We don’t want to be known as a team that quits...’ Armagh vow to keep fighting as Derry battle awaits

Armagh full-back Aaron McKay says Orchardmen remain focussed on Championship success

Armagh's Aidan Forker in action during the Ulster Senior Football Championship semi-final at St Tiernach's Park, Clones
Armagh have suffered setback after setback but they remained determined to achieve success (Philip Walsh)

ARMAGH have taken more bodyblows and slaps in the face than a journeymen boxer over the last three seasons but they don’t feel sorry for themselves, insists Aaron McKay.

Penalty shootout losses have cost the Orchardmen two Ulster titles and two All-Ireland semi-final appearances but Armagh – who cross swords with Derry at Celtic Park on Sunday (4pm) - refuse to back down and victory will confirm their place in another All-Ireland quarter-final.

“It’s difficult to take – losing Ulster finals and even All-Ireland quarter-finals in the same manner,” said Armagh full-back McKay.

“You can’t feel sorry for yourself and play the victim card all the time because nine times out of 10 you get what you deserve. In three of those four games we were in positions where we should have seen the game out and won.

“The Galway game (All-Ireland quarter-final in 2022) was different because we were the team chasing near the end and we nearly robbed them. But we’ll not feel sorry for ourselves, we’ll keep going because we don’t want to be known as a team that quits.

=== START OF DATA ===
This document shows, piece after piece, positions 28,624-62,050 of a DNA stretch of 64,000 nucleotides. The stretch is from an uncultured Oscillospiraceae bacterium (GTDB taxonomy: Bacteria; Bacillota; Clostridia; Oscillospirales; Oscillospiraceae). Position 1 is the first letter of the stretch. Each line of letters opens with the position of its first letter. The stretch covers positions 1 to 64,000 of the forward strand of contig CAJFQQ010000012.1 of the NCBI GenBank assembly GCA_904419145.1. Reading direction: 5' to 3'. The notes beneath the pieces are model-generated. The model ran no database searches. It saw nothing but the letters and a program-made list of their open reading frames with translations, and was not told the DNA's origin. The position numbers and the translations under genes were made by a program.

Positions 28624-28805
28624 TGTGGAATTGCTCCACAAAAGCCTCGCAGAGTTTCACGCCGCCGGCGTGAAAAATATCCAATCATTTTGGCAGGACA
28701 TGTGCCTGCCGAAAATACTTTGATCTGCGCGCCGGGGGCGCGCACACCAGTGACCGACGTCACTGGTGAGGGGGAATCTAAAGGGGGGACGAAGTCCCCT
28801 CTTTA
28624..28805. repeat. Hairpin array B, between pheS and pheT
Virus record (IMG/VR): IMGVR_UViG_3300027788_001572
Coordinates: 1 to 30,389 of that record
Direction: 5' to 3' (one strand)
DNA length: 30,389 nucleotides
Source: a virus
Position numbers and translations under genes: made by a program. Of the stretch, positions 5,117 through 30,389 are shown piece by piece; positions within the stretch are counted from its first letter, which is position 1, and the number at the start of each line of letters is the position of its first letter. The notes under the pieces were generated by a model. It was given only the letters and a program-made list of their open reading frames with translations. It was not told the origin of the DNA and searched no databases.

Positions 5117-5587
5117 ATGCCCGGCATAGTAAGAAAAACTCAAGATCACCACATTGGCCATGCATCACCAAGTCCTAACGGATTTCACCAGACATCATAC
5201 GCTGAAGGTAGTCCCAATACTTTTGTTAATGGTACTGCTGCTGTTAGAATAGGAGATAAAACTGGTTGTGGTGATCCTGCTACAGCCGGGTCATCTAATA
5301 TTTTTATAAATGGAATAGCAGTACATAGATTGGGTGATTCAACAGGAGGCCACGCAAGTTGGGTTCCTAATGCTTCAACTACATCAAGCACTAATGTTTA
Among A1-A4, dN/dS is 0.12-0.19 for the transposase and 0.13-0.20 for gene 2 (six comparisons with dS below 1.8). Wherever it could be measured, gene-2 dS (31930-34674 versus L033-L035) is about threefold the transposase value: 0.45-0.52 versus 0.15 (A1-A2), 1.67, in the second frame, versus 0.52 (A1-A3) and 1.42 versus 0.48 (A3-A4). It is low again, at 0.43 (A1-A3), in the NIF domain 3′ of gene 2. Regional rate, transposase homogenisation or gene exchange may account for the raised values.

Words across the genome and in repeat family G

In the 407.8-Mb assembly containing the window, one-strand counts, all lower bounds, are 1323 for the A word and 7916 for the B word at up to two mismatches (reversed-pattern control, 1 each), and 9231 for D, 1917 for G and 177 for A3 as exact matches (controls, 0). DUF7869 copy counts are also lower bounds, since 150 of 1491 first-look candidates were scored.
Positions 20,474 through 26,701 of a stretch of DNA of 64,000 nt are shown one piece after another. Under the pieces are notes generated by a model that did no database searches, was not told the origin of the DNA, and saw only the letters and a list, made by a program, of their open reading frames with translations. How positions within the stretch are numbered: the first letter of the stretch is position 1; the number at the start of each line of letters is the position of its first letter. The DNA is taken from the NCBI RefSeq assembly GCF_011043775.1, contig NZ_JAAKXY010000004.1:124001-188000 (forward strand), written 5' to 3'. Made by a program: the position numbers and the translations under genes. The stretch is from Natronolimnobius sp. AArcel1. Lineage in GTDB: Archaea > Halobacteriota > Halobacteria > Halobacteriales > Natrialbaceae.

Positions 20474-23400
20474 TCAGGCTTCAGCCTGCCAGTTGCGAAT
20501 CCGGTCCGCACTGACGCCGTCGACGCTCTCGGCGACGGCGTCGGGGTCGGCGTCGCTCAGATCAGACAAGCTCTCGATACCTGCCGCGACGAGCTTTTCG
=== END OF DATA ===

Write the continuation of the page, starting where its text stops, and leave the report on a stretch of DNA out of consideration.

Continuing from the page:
Armagh's Aaron McKay. Pic Seamus Loughran
Aaron McKay is the lynchpin of a defence that has kept 10 clean sheets this season. Pic Seamus Loughran

“We’ll keep grinding away and hopefully, one of these days the rub of the green will go our way.”

Derry won back-to-back Ulster titles in 2022 and ‘23 but they have had their own share of disappointment, most notably last year when they missed out on an All-Ireland final appearance after pushing Kerry all the way at Croke Park.

Mickey Harte’s side will be desperate for the win that will kickstart their season after Championship losses against Donegal and Galway.

“They are a quality team,” said McKay.

“Derry have been flying this year, they’ve been going full at it since the McKenna Cup. They were probably sore after the Donegal match in the Ulster Championship and they didn’t get the result in Galway but it’s difficult playing with 14 men and they were still well in it. Shane (McGuigan) had a chance for a goal, it was saved and Galway went down the other end and killed it off. So we know the tough task we have on Sunday.”

McKay has been the lynchpin of an Armagh defence that has conceded just four goals in 12 League and Championship matches this year. Indeed, Cork and Down (two goals each) are the only teams that have breached an Orchard rearguard that has kept 10 clean sheets in front of goalkeeper Blaine Hughes. Even when Hughes was beaten against Fermanagh, McKay got back on his goalline and somehow kept out Oisin Smyth’s shot.

“We share the work load – it’s not all the defenders, the forwards are coming back and helping us out when we need it and that’s massive,” said the Dromintee clubman.

“If we keep the ball out of our net as much as we can and keep putting it over the other team’s bar we’ll not be far away.

“We’ll have a chance if we do that every week!”

Armagh go into Sunday’s game after bouncing back from their Ulster final loss with a businesslike victory over Westmeath last weekend. The Midlanders had come close to beating Armagh in 2023, but the Orchardmen were clear winners this time around.

“We were probably complacent last year so we didn’t want to come into the game with the same slow, sluggish start,” said McKay.

“Westmeath are a good team, they’re well organised and we had to be patient and wait for it to open up a bit and thankfully in the third quarter we opened up a bit of a gap and pushed on.

“We weren’t so happy with the fourth quarter, we took our foot off the gas a wee bit, our shot selection was a bit off and on another day that’s the stuff that costs you.”